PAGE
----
• Oversize intake valves

  • Jomo 15 Cams with R tappets

  • Jomo springs, collers and keepers

  • Jomo pushrods

  • Bendix points plate

  • Reoriented pressure relief

  • T120R pipes with T100R megaphones

 

With these enhancements, I believe the test bike could have achieved the claimed speeds. I can't be certain of the truth behined this story, but I have received it from a reliable source who claims to have been given the information by two JoMo personnel who were there at the time. Maybe true, maybe not - but it sounds plausible.

 

At the time of the test the TT Special was a purely "West Coast T120C" - though TriCor had already placed an order for an initial sample of 11 which left the factory in early April 1963 (ironically from 1964 onwards, TriCor - by far the bigger distibutor in terms of sales volumes - received more "West Coast T120Cs" every year than JoMo)  As Cycle World mention, TT racing took place "all over the country" so it's not surprising that the East Coast too wanted a piece of the action when a purpose-built TT racing machine was announced.

 

 

So impressed was Cycle World with the TT Special that - spurred on by charismatic technical editor, Gordon Jennings, they took one (possibly the same one they tested earlier in the year for their May issue) with their team sent to report on the 1963 Bonneville Speed Trials, with the intention of capturing a record. They fitted it out with JoMo #15 cams (as used in the Joe Dudek-built streamliner driven by Bill Johnson to take 3 world records the previous August) and oversized by 1/8" inlet valves (which would be 23/32", sounds a little big).  a Sonic fairing, Custom Plastics fibreglass tank and seat unit from the Johnson Motors accessories catalogue. (See notes above, if my source is correct and if this is the same bike as used in the May 1963, then it could well have already had the engine performance enhancements listed.) CW were, as always, keen to emphasize the "stockness" of the bike. Jennings rode the TT to 135.74 mph - despite the salt being "rough and slippy this year, and the barometric pressure going up and down like a yo-yo". Critically, the bike the bike was "faster than all but a couple of the big V-twins"!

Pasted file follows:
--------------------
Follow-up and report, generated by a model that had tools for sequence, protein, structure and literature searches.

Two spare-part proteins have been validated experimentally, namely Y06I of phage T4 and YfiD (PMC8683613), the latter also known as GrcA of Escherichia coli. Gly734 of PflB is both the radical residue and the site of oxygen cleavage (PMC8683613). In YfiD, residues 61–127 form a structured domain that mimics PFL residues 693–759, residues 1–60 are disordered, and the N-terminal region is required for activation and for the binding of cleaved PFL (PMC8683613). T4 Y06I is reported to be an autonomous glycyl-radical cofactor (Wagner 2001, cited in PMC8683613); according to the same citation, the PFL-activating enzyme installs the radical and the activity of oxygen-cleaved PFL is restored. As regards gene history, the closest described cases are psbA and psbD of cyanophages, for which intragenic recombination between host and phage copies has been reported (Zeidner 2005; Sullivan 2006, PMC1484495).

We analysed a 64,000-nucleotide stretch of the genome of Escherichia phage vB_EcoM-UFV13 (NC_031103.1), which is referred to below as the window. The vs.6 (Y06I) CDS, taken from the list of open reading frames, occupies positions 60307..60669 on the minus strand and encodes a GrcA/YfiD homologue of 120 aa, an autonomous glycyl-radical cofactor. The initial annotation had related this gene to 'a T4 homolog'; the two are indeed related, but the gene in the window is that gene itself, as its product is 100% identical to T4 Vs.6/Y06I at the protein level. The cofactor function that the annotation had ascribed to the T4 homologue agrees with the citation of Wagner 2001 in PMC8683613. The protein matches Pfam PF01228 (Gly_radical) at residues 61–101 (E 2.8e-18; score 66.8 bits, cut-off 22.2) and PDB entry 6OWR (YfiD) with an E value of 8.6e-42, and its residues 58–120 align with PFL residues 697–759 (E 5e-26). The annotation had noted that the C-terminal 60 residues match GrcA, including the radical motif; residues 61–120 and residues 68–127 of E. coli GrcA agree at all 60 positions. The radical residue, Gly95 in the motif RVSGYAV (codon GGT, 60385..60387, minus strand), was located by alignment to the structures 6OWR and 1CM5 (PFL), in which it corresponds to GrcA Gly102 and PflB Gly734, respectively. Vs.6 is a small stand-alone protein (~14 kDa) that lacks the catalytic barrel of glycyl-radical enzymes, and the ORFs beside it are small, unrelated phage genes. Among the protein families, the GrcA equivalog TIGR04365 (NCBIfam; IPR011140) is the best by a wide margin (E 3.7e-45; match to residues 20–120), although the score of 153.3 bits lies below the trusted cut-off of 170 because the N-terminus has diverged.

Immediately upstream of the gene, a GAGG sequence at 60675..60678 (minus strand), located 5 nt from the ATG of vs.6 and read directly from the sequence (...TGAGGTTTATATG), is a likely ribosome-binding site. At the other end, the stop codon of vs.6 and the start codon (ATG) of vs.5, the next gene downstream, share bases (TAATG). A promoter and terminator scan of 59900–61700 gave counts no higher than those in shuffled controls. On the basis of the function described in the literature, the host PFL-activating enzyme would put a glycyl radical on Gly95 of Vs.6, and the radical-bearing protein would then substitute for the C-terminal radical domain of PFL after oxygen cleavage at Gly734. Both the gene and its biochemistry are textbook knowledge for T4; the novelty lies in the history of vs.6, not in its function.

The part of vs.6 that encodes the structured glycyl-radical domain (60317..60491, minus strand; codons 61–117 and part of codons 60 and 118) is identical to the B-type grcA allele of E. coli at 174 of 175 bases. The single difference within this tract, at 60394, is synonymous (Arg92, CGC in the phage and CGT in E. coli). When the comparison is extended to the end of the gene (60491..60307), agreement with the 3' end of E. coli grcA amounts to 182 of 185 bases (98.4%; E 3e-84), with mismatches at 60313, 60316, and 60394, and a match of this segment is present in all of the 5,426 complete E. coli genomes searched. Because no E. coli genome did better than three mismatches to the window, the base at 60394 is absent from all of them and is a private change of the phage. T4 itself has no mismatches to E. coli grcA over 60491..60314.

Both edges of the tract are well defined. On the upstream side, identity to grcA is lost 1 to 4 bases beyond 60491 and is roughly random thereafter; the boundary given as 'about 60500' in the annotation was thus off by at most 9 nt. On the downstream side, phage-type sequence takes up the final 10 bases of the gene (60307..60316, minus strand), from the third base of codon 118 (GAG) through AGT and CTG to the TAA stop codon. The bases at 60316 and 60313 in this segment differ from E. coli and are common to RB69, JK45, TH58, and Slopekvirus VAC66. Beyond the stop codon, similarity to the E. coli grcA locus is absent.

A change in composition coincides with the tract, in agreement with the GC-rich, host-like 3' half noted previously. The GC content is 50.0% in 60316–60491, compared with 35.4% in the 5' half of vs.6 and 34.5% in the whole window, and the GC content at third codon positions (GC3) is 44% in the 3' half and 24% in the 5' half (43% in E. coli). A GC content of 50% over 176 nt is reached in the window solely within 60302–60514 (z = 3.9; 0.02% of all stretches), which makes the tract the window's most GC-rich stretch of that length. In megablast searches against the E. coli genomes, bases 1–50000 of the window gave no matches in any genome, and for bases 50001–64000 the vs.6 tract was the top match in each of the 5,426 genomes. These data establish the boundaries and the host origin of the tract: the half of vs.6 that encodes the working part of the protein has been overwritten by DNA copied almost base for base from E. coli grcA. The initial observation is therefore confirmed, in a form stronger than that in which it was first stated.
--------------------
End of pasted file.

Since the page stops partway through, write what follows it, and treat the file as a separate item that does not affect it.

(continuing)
"Speed and Custom" was a hot rod car magazine which occasionally featured hot bikes - albeit as a poor cousin to the souped-up four wheelers (let's not forget the American love affair with the automobile). In their August 1964 issue they included this review of a customised 1964 model TT Special, ridden by New York owner of "House of Triumph", Whitey Louds. Whitey had a reputation as being a hotshot TT scrambles rider. "TT scrambles" was the East Coast variant of TT riding. In the West they had "TT steeplechase", a primarily professional form of motorcycle racing performed  around a purpose-built circuit (Ascot Parkway being the most famous) which included at least one right turn and a jump. The East coast variant, "TT scrambles", was largely amateur and performed over tracks like the one shown in this magazine edition: a rough and ready course with natural obstacles to overcome. The magazine - like Cycle World - also emphasises the popularity of the TT Special as a street drag racer. It may have only been 2 h.p. more powerful on paper than a Bonneville roadster, but the TT Special had quickly acquired a reputation as a hot - and versatile - street bike.